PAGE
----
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US Government Acts to Stem Financial Crisis


The U.S. government is using all tools at its disposal to stem a deepening financial crisis and reassure markets after one of America's largest investment banks was bought out to rescue it from the brink of bankruptcy. Meanwhile, new statistics point to a further weakening of the U.S. economy. Meanwhile, U.S. stocks were mostly lower Monday as Wall Street reacted to a government-supported buyout of financially stricken Bear Stearns - one of the world's largest investment banks. Asian stocks are little changed in early trading Tuesday. From Washington, VOA's Michael Bowman reports.

After months of slashing interest rates, the Federal Reserve has taken the unusual step of helping craft the sale of the struggling investment bank, Bear Stearns, to JPMorgan Chase for a tiny fraction of what the company's market value was just days ago.

Bear Stearns, which had been severely punished by the continuing sub-prime mortgage crisis gripping the United States, is being sold for just $2 a share, less than a tenth of the firm's market price from Friday.

Financial analyst Peter Dunay of New York-based Leeb Capital Management says the fall of Bear Stearns is the latest sign of U.S. economic upheaval.

"We have a lot of problems here. You have consumers loaded with debt, and now we are discovering the major financial institutions are carrying too much debt," he said.

The Federal Reserve will partner with JPMorgan Chase to guarantee the debt obligations of Bear Stearns, which last week saw panicked customers withdraw huge amounts of cash in what amounted to a run on the bank.

In addition Sunday, the U.S. Central Bank again cut the interest rate it charges commercial banks to borrow money. Further rate cuts could be forthcoming at the Fed's regular meeting scheduled for Tuesday.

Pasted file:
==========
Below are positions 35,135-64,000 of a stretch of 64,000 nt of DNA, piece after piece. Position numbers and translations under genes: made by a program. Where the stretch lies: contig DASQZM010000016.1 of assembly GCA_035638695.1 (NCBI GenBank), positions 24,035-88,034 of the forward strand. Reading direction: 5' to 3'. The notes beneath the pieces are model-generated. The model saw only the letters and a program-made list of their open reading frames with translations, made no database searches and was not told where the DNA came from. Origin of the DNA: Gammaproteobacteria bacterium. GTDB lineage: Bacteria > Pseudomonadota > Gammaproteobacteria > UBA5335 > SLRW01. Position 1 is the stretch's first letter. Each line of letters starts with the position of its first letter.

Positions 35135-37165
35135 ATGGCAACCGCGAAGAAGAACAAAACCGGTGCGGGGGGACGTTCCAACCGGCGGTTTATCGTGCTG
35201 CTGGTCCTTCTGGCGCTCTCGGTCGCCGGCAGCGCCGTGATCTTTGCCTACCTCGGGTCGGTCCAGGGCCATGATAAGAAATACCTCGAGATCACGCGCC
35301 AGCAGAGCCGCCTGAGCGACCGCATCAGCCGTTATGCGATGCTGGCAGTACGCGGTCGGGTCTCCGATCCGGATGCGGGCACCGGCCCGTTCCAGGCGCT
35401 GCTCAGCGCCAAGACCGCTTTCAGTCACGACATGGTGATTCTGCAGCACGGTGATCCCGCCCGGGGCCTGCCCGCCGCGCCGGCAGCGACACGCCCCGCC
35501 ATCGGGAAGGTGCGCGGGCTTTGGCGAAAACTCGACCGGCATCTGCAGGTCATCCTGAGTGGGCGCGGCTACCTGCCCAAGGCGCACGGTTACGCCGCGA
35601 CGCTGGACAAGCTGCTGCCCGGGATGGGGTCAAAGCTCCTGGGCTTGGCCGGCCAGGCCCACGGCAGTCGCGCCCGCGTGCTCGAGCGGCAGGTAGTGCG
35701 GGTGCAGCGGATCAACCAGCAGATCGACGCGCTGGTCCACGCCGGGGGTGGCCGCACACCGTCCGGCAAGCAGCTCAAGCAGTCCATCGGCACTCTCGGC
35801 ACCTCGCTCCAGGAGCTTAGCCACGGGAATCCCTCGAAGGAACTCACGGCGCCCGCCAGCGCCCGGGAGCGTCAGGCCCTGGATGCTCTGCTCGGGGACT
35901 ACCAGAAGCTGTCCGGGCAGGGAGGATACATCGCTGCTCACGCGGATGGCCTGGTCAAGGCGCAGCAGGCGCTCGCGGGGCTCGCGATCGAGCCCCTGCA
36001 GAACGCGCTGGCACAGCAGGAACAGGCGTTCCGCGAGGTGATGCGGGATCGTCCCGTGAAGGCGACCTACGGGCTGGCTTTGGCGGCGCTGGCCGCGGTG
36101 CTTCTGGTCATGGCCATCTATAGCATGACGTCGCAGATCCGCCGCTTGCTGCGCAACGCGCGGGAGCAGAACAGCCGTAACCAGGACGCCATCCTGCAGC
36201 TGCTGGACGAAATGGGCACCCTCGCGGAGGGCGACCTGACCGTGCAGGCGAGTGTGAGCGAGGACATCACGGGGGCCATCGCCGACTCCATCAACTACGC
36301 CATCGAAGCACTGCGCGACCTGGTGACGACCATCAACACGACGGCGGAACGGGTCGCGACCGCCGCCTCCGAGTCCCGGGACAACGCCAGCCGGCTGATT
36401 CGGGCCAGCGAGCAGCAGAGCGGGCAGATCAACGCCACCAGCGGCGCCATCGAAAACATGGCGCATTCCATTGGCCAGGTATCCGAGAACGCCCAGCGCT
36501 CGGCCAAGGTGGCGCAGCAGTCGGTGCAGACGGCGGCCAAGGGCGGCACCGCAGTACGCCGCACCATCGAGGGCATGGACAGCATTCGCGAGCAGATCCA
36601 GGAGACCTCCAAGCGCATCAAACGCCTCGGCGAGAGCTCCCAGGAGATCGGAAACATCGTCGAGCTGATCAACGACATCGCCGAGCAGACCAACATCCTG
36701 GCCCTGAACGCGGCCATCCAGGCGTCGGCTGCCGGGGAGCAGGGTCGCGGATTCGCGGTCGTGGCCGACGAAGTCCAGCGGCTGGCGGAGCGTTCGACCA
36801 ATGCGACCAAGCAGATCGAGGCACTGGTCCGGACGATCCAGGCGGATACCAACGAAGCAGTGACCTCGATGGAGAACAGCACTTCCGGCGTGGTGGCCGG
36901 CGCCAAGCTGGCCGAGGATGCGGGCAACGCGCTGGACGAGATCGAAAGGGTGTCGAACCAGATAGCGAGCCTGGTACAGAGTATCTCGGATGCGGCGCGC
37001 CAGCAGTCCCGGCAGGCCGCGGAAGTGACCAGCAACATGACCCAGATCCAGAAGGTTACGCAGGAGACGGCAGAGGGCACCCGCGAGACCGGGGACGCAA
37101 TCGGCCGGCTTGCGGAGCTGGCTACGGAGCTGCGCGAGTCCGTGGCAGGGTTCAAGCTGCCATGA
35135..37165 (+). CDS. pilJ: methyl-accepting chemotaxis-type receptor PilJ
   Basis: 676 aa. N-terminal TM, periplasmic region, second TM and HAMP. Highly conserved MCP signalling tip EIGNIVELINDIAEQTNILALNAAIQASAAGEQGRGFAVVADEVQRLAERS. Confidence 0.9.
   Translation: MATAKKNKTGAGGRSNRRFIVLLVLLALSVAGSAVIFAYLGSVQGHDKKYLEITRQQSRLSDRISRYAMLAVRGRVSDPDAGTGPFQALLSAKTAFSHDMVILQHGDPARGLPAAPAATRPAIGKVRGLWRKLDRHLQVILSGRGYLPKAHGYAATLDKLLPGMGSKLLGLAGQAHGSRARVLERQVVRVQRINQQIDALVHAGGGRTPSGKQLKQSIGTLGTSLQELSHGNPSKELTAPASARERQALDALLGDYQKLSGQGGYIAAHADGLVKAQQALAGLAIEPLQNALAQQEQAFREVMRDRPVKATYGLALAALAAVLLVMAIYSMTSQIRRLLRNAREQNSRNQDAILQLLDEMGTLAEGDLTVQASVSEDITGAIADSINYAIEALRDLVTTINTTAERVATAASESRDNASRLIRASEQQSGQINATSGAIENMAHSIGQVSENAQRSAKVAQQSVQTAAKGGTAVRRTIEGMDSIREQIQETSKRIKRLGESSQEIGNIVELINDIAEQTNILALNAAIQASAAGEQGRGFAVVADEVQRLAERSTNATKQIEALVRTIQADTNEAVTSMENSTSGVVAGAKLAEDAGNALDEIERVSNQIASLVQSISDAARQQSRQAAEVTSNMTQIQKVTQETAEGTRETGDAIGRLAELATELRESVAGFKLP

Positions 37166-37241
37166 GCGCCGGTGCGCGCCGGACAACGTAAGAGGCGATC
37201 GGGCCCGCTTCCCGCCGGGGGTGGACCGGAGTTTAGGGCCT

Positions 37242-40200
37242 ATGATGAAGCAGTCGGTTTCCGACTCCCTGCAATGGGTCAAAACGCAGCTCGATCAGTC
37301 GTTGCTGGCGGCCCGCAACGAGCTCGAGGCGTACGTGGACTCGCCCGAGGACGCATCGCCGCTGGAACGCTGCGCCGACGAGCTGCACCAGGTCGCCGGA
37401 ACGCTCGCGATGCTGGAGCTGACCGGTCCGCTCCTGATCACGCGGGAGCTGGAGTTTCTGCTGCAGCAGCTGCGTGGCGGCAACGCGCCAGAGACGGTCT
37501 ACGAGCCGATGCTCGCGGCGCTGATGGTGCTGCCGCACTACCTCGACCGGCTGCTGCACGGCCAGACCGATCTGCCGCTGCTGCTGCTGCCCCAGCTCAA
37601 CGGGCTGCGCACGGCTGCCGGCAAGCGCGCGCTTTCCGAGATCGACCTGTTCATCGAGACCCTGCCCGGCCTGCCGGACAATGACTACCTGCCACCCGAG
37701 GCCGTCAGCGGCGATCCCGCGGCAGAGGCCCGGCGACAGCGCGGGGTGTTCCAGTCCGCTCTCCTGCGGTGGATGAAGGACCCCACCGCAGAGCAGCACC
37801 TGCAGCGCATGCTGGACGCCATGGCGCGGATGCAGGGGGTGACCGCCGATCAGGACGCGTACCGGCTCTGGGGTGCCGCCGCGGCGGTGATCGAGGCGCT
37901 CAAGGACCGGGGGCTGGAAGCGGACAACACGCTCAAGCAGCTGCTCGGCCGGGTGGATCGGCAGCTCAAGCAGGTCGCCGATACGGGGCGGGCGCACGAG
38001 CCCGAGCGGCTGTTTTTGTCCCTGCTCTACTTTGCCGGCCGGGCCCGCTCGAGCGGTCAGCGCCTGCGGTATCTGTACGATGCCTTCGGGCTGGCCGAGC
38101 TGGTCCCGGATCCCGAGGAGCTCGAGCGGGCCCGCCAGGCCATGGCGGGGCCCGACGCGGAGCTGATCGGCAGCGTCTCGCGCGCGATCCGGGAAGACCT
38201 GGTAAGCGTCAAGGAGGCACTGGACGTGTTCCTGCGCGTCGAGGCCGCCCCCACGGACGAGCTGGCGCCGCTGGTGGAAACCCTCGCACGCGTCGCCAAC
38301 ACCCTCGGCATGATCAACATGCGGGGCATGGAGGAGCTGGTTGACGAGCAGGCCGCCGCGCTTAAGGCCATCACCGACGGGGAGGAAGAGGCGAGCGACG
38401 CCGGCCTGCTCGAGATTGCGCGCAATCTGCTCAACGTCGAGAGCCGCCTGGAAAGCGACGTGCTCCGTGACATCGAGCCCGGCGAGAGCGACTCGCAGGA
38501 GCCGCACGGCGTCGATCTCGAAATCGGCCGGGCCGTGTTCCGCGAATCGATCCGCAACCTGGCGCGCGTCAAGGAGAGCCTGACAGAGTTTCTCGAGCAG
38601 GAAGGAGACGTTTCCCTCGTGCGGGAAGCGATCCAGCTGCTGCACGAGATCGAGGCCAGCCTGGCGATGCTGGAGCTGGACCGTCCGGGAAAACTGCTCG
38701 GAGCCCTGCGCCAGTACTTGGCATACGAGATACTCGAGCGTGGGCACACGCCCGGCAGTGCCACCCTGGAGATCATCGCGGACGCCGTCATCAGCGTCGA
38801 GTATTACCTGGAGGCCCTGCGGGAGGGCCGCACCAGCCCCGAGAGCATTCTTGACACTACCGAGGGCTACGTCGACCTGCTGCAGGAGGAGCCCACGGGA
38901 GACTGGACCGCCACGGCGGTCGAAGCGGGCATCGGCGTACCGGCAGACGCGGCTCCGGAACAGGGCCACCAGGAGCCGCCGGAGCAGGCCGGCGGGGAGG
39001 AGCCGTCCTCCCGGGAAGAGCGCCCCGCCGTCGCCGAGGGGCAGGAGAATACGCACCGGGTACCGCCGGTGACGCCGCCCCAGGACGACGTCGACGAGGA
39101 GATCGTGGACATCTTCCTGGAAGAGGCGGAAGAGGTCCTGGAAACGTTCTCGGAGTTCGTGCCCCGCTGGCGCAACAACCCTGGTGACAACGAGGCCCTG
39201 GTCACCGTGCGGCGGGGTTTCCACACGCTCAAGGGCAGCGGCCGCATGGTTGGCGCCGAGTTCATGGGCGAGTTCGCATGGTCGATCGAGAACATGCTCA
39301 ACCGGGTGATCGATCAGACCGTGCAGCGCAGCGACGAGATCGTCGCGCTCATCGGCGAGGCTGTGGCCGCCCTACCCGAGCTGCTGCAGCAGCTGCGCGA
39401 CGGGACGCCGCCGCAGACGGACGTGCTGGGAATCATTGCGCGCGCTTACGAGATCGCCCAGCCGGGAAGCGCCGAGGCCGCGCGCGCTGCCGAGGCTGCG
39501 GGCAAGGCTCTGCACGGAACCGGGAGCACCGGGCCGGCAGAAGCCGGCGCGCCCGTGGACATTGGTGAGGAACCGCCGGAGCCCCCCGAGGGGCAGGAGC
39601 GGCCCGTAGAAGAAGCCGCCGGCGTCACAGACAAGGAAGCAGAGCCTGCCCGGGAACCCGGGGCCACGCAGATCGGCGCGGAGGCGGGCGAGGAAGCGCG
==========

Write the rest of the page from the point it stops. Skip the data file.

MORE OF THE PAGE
Amid high volatility in U.S. markets, the White House is attempting to reassure the financial community. President Bush met with Treasury Secretary Henry Paulson at the White House, and told reporters that strong action is being taken in the face of what he termed "challenging times."

"Our capital markets are functioning efficiently and effectively. We obviously will continue to monitor the situation, and when need be we will act decisively in a way that continues to bring order to the financial markets. In the long run, our economy is going to be fine," said Mr. Bush.

Many economists believe the U.S. economy is in recession, and fear that the fissures being exposed in America's banking system could make a bleak situation worse.

Former Federal Reserve Governor Alice Rivlin says the central bank has no choice but to do whatever it can to help improve banks' financial positions and stem an emerging sense of panic among investors.

"The Federal Reserve is doing everything it can to make sure that this is not the beginning of a long avalanche of catastrophe," said Rivlin.

Meanwhile, the Federal Reserve reports U.S. industrial production fell 0.5 percent in February. That was the biggest drop in factory output in four months, and further evidence of trouble in America's overall economic health.

On a more positive note, the Commerce Department reports America's current account deficit narrowed by nine percent in 2007. The current account measures not only the trade deficit, but also investment flows between the United States and other nations.

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